Methods

The planning phase

In the initial planning phase of this study, the authors discussed and aimed to review the different effects of the COVID-19 pandemic on RTCs. This was followed by structuring the general outline of different sections of the paper to be addressed. Based on this outline, we defined the search strategy, sources of literature, and inclusion and exclusion criteria for the literature search.

Data source and search strategy

We followed several procedures to ensure a high-quality review. First, we searched electronic databases, mainly PubMed, Scopus, and Google Scholar, using a wide range of search terms and keywords or a combination of keywords on the two central concepts: COVID-19 and RTC, to retrieve the published articles. The keywords include COVID-19, SARS-CoV-2, novel, coronavirus, pandemic, lockdown, quarantine, stay-at-home, shelter-in-place, safer-at-home, social restriction, social distancing, road, traffic collisions, traffic accidents, traffic crashes, motor vehicle, fatality, mortality, death, injury, travel behavior, mobility behavior, public transport, speed, drug, alcohol use, drinking, driving, psychological stress, anxiety, depression, trauma centers, emergency, orthopedic, trauma, emergency surgery, and trauma volume. Second, bibliographic references of these retrieved articles were used to obtain additional relevant papers. Third, the google search engine was used for collecting published discussion papers, reports, and media news. Finally, as a fourth step, several websites were searched to extract and collect published literature.

Inclusion and exclusion criteria

We included peer-reviewed journal articles, discussion papers, reports, and media news related to the effect of the COVID-19 pandemic on RTCs over the last 18 months, which is up to June 2021. No exclusions were made based on the article types, methodology of the study, outcome reported, study period, the scope of the study, and study setting. In other words, any literature related to the effect of the COVID-19 pandemic on RTCs was included. Literature was excluded if the language of publication was not English.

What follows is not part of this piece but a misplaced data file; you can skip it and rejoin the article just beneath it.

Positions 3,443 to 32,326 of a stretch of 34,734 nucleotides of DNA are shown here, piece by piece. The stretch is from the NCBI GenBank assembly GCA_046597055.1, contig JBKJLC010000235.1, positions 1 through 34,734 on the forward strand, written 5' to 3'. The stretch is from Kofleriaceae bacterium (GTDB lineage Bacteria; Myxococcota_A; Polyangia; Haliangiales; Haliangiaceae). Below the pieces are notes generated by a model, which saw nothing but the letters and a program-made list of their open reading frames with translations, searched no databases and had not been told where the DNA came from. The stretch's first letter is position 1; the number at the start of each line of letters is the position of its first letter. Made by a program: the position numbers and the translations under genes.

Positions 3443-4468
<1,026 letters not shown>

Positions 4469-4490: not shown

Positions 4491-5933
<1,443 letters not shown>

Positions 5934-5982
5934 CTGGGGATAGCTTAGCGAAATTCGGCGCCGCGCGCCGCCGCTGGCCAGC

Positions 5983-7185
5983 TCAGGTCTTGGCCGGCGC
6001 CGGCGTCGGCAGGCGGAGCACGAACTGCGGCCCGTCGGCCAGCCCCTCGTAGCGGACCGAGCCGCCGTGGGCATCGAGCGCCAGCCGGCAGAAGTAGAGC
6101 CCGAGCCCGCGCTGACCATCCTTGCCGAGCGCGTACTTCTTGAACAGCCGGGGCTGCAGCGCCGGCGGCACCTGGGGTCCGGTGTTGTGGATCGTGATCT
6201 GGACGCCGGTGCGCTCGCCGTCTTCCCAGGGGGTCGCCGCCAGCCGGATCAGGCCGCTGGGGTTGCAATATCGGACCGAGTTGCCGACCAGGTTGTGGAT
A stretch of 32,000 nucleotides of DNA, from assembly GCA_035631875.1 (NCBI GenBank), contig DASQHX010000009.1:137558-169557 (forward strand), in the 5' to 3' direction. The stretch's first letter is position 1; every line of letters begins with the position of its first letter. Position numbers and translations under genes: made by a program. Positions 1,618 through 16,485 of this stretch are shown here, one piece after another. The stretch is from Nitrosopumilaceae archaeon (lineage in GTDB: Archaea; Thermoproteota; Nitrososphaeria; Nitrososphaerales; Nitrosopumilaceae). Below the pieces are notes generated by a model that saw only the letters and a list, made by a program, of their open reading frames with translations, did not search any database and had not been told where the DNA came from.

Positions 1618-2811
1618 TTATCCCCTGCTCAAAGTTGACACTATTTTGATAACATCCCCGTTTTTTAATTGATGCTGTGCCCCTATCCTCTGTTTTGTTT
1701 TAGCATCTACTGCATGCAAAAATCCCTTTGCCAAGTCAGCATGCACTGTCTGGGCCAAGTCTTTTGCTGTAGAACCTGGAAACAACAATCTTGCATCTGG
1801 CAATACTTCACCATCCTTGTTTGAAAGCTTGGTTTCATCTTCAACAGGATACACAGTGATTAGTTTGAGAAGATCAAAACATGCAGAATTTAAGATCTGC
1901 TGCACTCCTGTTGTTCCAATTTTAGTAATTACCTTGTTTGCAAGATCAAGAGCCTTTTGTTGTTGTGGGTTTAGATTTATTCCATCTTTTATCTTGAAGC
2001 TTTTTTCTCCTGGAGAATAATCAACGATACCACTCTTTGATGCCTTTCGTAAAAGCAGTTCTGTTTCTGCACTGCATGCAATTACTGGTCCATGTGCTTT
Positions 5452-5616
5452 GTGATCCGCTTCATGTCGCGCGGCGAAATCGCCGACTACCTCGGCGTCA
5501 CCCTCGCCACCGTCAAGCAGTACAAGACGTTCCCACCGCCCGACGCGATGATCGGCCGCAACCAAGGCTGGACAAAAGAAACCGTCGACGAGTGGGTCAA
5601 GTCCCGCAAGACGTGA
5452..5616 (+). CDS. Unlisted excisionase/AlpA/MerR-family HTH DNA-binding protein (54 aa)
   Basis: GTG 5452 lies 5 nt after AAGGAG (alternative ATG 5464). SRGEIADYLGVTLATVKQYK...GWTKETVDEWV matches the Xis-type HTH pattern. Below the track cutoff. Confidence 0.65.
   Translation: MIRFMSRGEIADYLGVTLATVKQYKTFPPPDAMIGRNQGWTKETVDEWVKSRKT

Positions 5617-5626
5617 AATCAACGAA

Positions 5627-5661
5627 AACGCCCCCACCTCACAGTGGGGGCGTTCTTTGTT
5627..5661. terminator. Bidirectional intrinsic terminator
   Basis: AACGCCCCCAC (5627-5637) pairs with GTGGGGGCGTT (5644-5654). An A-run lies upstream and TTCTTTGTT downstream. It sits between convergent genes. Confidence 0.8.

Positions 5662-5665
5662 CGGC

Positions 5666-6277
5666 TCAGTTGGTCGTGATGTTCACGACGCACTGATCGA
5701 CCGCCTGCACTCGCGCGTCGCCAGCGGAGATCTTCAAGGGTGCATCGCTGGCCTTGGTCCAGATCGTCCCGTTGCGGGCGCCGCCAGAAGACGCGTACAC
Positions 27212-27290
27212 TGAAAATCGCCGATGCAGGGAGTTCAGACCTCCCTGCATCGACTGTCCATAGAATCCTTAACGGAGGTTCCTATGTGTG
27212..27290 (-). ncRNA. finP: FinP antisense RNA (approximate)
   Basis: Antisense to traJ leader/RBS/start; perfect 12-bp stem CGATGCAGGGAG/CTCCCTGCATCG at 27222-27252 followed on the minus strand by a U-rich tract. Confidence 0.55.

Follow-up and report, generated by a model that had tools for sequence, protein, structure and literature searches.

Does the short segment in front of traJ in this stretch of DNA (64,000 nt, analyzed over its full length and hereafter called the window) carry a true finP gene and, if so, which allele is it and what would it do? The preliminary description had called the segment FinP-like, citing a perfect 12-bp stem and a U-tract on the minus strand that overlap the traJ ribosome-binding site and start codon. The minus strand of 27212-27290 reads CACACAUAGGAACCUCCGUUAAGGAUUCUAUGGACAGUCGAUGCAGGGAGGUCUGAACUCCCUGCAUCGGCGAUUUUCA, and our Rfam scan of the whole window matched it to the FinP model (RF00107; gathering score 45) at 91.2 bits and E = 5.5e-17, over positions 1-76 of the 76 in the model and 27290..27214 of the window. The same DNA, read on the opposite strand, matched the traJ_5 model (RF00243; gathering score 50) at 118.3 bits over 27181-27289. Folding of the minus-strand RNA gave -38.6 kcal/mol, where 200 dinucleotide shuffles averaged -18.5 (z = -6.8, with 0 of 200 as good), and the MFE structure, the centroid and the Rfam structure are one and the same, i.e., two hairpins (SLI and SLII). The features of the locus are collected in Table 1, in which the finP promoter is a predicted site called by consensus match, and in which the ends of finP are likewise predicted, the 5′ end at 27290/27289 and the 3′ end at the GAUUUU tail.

Data extraction and synthesis

Based on the primary outline of the study, the findings were critically summarized, data extracted, combined and synthesized using a narrative synthesis.

Results and discussion

Effects on traffic congestion

Reduction in traffic congestion affects speed, traffic flow, and traffic density [12, 20]. Reduced mobility may decrease vehicle congestion, which in turn reduces road traffic collisions [21,22,23,24,25,26]. In contrast, it will increase empty road lanes, which may increase speeding (Fig. 1). During the COVID-19 pandemic, travel restrictions had significantly reduced vehicle mobility [27,28,29,30,31,32] which was reduced by more than 50% worldwide [28], with a decrease of 50 to 60% in the Asian countries [28] and 55 to 80% in the European countries [11, 22, 33, 34]. These resulted in a significant decline in public transport (60 to 80%), private cars, driving, and walking globally during March–May 2020 [28,29,30, 35,36,37]. Furthermore, there was a significant reduction among public transport users in Latin America and the Caribbean (by 60 to 90%) [28, 38] and European countries (by 40 to 90%) [21, 22, 30, 33, 39]. Similarly, there was a reduction in car trips (or private car trips) by 65 to 80% in European countries [33, 40]. Overall, these resulted in a sharp decrease in traffic congestion [41, 42].

Fig. 1
figure1

Overall impact of the COVID-19 pandemic on traffic volume, traffic lanes, vehicle speed, number of road traffic collisions, injury severity, hospitalization, and RTC deaths

The reduction of traffic congestion has varied considerably in different countries [41, 43, 44]. It ranged between 25 and 75% during lockdown periods in different European countries, with the highest decrease of 75% in France, Spain, and Italy in April 2020 compared with April 2019 [43] (Table 1). Similarly, traffic reduced by 40% in the USA [45], 63% in the UK [46], 77% in South Africa, 74% in New Zealand, 60% in Israel, 59% in Mexico, and 43% in Australia during the same period compared with April 2019 [43]. It is worth noting that the changes in traffic reduction may fluctuate depending on the comparison periods [43, 44] (Table 1). Traffic reduction varied by the local setting, jurisdictions [23, 47,48,49,50,51], type and function of the road [43, 44], residence (urban and rural) [41, 44, 52] and vehicle types [43, 44, 46].